ATLANTA, Ga. — Buy a scratch lottery ticket in Georgia, and you can win music downloads or a seat at an Atlanta Falcons game. In New York, one of the top sellers is an all-black ticket as sleek as an Armani suit. And in Texas, where they brag that everything is bigger, a single ticket goes for $50.
With state budgets in crisis and lottery-financed programs like prekindergarten being considered for cuts, the pressure is on to make lottery tickets more attractive to casual scratchers and people who may have never dropped a dollar on a chance before.
Even at Christmas, which is the busiest season for scratch tickets, no gimmick — peppermint-scented tickets, anyone? — is too ridiculous.
In Louisiana, frequent gamblers are invited to join Club Lotteaux to receive e-mail updates and other promotions, like a chance to name a reindeer and win a package of holiday tickets and a coffee mug.
In Washington State, holiday tickets come with a chance to win a home-theater system. Georgia lottery officials, who sell a $2 ticket with the unlikely combination of a snowman and Betty Boop in a skimpy Santa outfit, are sponsoring "American Idol"-style singing contests.
"You have to find the new thing," said Margaret DeFrancisco, the commissioner of the Georgia Lottery, which is considered one of the most creative in the industry. "You're talking about discretionary dollars, and people have been pretty tight with their bucks."
Lotteries provide an average of 2 percent of the budget in the 43 states where they are legal. Nationally, that translates to almost $18 billion in profit, or a little more than cigarette taxes bring in, according to the National Conference of State Legislatures.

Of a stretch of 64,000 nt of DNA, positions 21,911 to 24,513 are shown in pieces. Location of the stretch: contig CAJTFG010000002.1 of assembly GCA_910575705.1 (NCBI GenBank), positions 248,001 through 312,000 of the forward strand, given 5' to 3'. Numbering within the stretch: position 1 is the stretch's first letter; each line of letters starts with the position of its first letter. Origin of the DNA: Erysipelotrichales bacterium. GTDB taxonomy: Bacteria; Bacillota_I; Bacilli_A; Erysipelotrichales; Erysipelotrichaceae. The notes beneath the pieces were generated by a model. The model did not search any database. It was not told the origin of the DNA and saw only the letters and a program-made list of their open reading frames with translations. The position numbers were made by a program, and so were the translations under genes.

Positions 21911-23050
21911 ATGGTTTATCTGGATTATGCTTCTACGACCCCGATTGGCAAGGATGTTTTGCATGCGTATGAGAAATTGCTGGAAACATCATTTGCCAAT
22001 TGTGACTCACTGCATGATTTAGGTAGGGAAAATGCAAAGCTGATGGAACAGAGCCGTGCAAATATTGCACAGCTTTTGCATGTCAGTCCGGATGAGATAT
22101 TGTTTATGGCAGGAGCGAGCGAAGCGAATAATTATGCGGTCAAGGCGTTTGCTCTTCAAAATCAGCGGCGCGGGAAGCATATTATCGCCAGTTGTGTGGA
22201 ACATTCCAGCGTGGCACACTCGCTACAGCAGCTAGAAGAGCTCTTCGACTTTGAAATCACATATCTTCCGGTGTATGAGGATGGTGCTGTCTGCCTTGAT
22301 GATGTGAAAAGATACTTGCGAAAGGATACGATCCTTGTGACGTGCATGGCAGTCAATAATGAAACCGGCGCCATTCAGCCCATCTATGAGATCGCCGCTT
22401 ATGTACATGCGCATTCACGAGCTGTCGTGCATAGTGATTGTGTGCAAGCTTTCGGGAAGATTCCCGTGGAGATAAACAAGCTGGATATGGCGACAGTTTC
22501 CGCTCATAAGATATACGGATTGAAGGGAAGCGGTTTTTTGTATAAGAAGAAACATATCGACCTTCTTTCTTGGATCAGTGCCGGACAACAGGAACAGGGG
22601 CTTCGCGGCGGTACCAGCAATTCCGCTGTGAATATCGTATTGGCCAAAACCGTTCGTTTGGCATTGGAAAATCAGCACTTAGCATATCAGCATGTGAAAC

Lottery revenues softened in the 2009 fiscal year, dropping in 25 states and staying flat in 10 others. And though the amount brought in by lotteries has started to recover this year, states in need of cash are still considering cuts in the programs they finance. The North Carolina Education Lottery Commission, for instance, estimates that weak ticket sales will mean it contributes $40 million less than projected to education.
"There's an old wives' tale that lotteries are recession-proof," said Gordon Medenica, the New York lottery commissioner. "But every year, it's getting harder and harder."
To help, a coalition of lottery officials that nicknamed itself the Lottery Game Working Group meets regularly to find new ideas. They have a list of 200 concepts.
In many ways, it is harder to freshen the nonscratch numbers games where one buys a ticket and hopes the right numbers get drawn.
There have been efforts. Last year, the two biggest lottery games, Mega Millions and Powerball, reached a deal to let any state sell both games' tickets, perhaps the biggest change to lotteries in decades. But the biggest creative marketing push centers on an old staple: the scratch ticket, which provides as much as 70 percent of lottery revenues in some states.
Marketing concepts include mining the appeal of game shows like "The Price is Right" and "Deal or No Deal," with tickets designed to mimic the games. South Dakota has a Pheasants Forever card to appeal to hunters. In Arkansas, which overcame religious opposition to start a lottery this year, tickets have pictures of catfish and hush puppies.
"Every place in America has its own little thing that it eats," said Julie Baldridge, the spokeswoman for the Arkansas lottery. "That can be a good way to design tickets."
The key to success is catching a customer's eye, said Richard McGowan, a management professor at Boston College who studies state gambling.
"It's an impulse buy when you walk into a store," he said. "It all depends on how aggressive a lottery commissioner wants to be with advertising."
But the design of the tickets matters less to some players than others.
At one of two kiosks selling lottery tickets at the Atlanta airport, Michelle Langford, 64, shopped for Christmas presents while she waited to pick up her grandson, who was arriving from Tucson. She bought six $1 holiday scratch tickets for the women she plays cards with and a couple of $10 Jingle Jumbo Bucks for the family.
"You put it in your Christmas card and say, 'I couldn't buy you a $40 perfume package, but I'm thinking of you,' " Ms. Langford said.
Just for good measure, she also bought a couple of shots at the Mega Millions numbers game. The estimated pot was $145 million.